Judge keeps suspect in deputy's shooting in custody

AP News
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Posted: Jan 28, 2016 6:46 PM

NEW ORLEANS (AP) — A 26-year-old man accused of shooting a deputy during a federal drug raid at his home will remain in custody after a federal judge Thursday denied his request to be released from custody on bond.

At a hearing, U.S. Magistrate Judge Sally Shushan decided to keep Jarvis Hardy in custody, saying he posed too much of a risk. He is charged by federal prosecutors with attempted murder and attempted murder of a federal officer.

Hardy's lawyer, public defender Valerie Jusselin, argued he posed no risk because he has no prior convictions and a steady work history.

Hardy, who appeared in court shackled and in a red jumpsuit, claims he thought he was being robbed when a team of officers raided his home.

He is accused of shooting Stephen Arnold, a 35-year-old Jefferson Parish sheriff's deputy, in the neck and torso. Arnold is in critical condition at the University Medical Center in New Orleans.

The raid was part of several federal sweeps made Tuesday morning. The Drug Enforcement Administration said the raids were part of a seven-month operation to rid New Orleans of drugs, heroin and violent crime.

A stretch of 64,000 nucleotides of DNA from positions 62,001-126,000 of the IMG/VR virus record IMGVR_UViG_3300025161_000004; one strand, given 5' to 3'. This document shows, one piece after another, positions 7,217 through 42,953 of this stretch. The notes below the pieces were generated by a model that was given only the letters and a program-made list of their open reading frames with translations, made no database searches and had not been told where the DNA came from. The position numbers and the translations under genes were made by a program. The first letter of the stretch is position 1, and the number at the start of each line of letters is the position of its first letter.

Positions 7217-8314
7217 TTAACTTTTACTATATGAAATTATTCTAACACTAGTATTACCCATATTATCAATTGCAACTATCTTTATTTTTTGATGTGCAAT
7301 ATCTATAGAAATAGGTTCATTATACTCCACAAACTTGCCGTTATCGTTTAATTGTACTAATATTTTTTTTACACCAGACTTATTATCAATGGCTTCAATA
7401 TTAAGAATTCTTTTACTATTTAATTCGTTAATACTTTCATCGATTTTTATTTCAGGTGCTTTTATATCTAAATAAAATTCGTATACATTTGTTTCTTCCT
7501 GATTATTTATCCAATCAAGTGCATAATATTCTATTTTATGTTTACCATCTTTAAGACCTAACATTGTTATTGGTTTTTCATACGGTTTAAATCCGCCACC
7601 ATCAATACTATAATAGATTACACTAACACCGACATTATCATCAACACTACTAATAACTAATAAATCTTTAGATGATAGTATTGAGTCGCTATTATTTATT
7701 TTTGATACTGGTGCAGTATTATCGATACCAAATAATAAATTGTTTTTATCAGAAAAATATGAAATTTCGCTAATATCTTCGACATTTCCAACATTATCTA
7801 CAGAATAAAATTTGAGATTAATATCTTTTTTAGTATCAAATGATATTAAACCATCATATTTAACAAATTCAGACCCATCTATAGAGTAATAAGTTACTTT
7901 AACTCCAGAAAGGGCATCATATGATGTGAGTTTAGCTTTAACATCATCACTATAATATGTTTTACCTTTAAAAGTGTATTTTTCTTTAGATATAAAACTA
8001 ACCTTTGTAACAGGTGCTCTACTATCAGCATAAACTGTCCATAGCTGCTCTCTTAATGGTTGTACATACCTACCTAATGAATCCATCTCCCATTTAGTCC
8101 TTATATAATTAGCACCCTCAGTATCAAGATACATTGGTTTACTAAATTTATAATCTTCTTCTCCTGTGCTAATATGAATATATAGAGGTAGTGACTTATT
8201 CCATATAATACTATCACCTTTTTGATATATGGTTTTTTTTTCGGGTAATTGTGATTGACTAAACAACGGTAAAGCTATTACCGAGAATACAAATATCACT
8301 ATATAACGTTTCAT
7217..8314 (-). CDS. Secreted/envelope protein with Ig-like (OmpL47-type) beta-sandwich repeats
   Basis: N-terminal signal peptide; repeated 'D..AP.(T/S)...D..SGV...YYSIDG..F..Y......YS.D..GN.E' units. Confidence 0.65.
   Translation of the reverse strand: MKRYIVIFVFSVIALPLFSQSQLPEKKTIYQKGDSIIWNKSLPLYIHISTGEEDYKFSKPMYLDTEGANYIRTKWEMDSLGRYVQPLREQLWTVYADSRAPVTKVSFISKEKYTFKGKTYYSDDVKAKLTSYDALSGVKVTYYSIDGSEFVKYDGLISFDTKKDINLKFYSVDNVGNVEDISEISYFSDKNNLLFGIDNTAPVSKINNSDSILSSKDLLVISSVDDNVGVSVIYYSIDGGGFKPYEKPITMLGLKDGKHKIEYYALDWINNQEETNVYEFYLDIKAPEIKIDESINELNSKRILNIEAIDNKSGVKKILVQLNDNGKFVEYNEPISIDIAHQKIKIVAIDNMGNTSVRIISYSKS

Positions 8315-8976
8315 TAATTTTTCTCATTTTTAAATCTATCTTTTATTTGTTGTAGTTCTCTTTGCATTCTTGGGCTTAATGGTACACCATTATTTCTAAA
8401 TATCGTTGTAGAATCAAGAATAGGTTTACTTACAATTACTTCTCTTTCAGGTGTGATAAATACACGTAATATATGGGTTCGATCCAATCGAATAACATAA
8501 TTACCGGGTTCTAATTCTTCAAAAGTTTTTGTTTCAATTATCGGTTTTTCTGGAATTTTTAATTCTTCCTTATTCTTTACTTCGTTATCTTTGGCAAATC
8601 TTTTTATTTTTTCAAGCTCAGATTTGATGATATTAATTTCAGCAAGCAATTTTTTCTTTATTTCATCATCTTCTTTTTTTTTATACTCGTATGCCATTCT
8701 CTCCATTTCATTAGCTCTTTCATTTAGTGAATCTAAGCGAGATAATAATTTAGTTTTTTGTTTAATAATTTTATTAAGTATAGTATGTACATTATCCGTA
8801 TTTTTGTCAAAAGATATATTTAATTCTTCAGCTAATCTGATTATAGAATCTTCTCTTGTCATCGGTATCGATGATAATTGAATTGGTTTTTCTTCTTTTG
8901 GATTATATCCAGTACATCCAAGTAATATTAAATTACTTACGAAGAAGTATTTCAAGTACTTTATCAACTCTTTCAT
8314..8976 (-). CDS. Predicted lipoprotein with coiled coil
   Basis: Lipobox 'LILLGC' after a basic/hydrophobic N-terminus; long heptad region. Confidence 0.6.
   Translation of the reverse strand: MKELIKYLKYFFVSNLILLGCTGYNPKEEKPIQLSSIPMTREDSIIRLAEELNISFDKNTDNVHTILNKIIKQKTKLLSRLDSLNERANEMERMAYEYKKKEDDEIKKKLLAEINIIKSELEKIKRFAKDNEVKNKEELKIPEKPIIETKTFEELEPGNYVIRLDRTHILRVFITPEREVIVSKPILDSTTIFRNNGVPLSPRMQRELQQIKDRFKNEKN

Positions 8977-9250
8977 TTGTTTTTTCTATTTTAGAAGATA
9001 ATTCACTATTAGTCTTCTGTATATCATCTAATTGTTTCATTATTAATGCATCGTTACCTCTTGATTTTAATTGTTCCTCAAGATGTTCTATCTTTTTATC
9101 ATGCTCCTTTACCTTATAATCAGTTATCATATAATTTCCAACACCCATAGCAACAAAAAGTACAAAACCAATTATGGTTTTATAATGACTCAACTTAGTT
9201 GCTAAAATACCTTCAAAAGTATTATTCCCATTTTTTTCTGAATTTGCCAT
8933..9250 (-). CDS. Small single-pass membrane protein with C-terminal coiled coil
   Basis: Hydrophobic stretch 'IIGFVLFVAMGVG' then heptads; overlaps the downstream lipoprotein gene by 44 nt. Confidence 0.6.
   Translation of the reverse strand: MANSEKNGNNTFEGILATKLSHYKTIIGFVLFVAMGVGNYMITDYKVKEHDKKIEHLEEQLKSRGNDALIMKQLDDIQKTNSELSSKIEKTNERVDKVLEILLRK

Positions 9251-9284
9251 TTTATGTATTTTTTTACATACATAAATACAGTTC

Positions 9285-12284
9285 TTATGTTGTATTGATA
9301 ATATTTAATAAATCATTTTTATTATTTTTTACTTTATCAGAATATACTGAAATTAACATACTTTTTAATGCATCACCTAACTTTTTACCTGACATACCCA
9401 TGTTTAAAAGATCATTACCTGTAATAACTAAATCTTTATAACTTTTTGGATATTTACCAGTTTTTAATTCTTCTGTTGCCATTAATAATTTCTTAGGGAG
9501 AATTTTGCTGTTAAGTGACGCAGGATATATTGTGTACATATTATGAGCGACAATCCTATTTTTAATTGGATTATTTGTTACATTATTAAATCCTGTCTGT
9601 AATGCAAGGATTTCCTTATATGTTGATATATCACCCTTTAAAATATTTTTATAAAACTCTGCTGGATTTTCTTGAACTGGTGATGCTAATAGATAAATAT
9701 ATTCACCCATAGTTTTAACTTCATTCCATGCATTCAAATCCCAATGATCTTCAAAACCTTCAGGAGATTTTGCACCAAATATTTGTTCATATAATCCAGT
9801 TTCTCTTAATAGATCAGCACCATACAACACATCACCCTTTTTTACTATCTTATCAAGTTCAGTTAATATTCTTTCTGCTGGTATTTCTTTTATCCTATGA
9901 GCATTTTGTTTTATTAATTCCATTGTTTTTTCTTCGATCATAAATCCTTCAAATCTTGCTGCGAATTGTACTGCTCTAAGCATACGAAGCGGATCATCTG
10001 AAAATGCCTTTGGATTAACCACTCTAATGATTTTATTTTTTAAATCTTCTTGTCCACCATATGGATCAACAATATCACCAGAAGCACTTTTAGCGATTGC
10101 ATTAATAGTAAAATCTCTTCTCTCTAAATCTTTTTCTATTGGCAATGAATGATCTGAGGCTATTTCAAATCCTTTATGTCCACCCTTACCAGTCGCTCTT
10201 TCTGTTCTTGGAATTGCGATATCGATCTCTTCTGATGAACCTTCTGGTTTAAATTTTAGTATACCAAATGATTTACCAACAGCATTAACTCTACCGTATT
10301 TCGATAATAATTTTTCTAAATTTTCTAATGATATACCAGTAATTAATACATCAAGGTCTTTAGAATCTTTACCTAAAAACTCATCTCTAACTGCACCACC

Jusselin tried to make a case that Hardy posed no flight risk because he has lived most of his life in New Orleans and had not been in trouble with the law before.

FBI Special Agent Christopher Bauer testified that Hardy told investigators he was a drug dealer and that he believed he was being robbed. He also testified that officers repeatedly announced who they were after they broke into Hardy's home at about 6 a.m. They first knocked, and then broke in, he said. After the shooting, Bauer said investigators found crack cocaine in Hardy's home.

The FBI said Hardy's mother, Gail Hardy, told investigators she went into her son's bedroom and told him police were raiding the home. Jusselin tried to undermine her statements, saying Gail Hardy had drug convictions in her past.

The shooting took place at a home in the Lower 9th Ward, a neighborhood that saw some of the worst flooding during Hurricane Katrina.